Chartreuse are pleased to share details of ‘Tall Grass’ their first new music of 2020. It is lifted from a forthcoming second EP, Keep Checking Up On Me. It is released 9th October through Communion Records.
A video launches the new track today, shot on thermal imaging cameras by director Joe Connor (Rolling Stones, Coldplay, Georgia). Watch it here
The band will follow the release of Tall Grass with a whirlwind, virtual tour of venues, taking over their Instagram accounts for a live set. For further details please see below.
Tall Grass follows and maintains all the promise shown on the band’s debut EP, Even Free Money Doesn’t Get Me Out Of Bed in late 2019. It’s a hushed, slow-burning hymn of contemplation. Controlled and steady, it’s the dictionary definition of a so-called headphones moment, with each instrument revealing itself and growing in stature like the sinewy roots of a tree, with Michael Wagstaff’s vocal the essence that allows the song to grow. It’s a song that stands out in its patience.
Wagstaff explains: “Tall Grass is about looking both out and in. It explains the world I was in when I wrote it. Sitting in a landscape of introvertism, reflection and coming out of myself to be apart of the world, really feeling the anxieties and complexities that come along with it
“I imagined someone I love was there being the horizon for me to focus on while I balanced and tried to explain myself.”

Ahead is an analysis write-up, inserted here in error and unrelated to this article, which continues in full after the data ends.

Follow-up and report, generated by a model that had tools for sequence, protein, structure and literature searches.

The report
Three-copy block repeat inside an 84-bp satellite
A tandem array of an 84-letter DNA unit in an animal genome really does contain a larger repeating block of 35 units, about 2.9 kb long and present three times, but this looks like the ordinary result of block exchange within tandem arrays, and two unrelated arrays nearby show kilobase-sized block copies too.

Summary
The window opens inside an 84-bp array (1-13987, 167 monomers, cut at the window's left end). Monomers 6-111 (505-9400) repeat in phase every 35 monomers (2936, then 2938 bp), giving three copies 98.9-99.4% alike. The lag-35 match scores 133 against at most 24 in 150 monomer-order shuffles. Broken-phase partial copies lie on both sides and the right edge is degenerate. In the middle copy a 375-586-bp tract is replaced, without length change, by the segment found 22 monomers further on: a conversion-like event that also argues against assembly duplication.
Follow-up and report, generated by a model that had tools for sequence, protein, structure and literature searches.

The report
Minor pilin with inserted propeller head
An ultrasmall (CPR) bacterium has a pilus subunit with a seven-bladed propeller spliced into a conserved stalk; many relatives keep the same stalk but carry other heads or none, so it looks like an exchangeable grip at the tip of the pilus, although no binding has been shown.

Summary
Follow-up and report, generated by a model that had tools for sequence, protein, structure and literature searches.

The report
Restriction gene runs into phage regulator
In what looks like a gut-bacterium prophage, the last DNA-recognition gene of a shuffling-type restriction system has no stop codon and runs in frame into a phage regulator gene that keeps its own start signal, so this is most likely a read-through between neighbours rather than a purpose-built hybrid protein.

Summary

It’s a powerful introduction to another strong collection of songs by Chartreuse, who are quickly becoming a reliable source for these tremulous and measured sounds.
Named after a colour that supposedly cannot be seen when printed (but also a French liqueur discovered by monks some 900 years ago and rogue marketed by its makers as ‘the elixir of long life’), the four multi-instrumentalists that form Chartreuse find inspiration in the assorted works of Hans Zimmer and by long drives out of the city, daydreaming of future lazy studio sessions in the South of France. They all agree on assorted songs and records by Radiohead, Bon Iver, Ben Howard and Sharon Van Etten, and agree to disagree on many others.
Hailing from the Black Country, Chartreuse create richly textured, loose-limbed, soul music. It oozes warmth, intimacy and melancholy. It’s a sound that roughly orbits that languid, we’re-in-no-rush insouciance of a Lambchop, the shivering grandeur of Nick Cave, and occasionally the chest thumping, life-affirming unity of The National. There’s something of the lounge-y, devil-may-care attitude of King Krule here too. In truth, it sounds unlike any of them, an unexpectedly furtive marrying of studious folk, soul, jazz, and RnB in its truest sense by a young band making their deliciously beguiling first steps.
Loosely fronted by the alternate vocals of Michael Wagstaff and Harriet Wilson, these are thoughts, feelings and curiosities initially scrawled out on paper scraps, and songs that act as their writers’ own personal therapy. Conceived and sculpted in their rehearsal cabin, less in homage to Justin Vernon than the only quiet room they could realistically find, it’s offered them a private space to seclude themselves away and pore over every detail of their recorded sound. And you can hear it.
That Chartreuse have taken their time to deliver a follow up should come as no surprise. What’s the rush? Having started and finished their second EP just as the world ground to a halt back in March, Chartreuse spent those solitary weeks away from each other sending track stems back and forth primarily of flourishing instrumental sounds. Building the songs blind, but somehow second guessing each other to within similar ballparks, the band created a mixtape, of sorts, splicing these bits and pieces together to make an interesting whole. A documentation of a band’s creation during lockdown, they uploaded it online and left it to ruminate. Just for fun.
The Keep Checking Up On Me EP is released 9th October 2020 through Communion Records.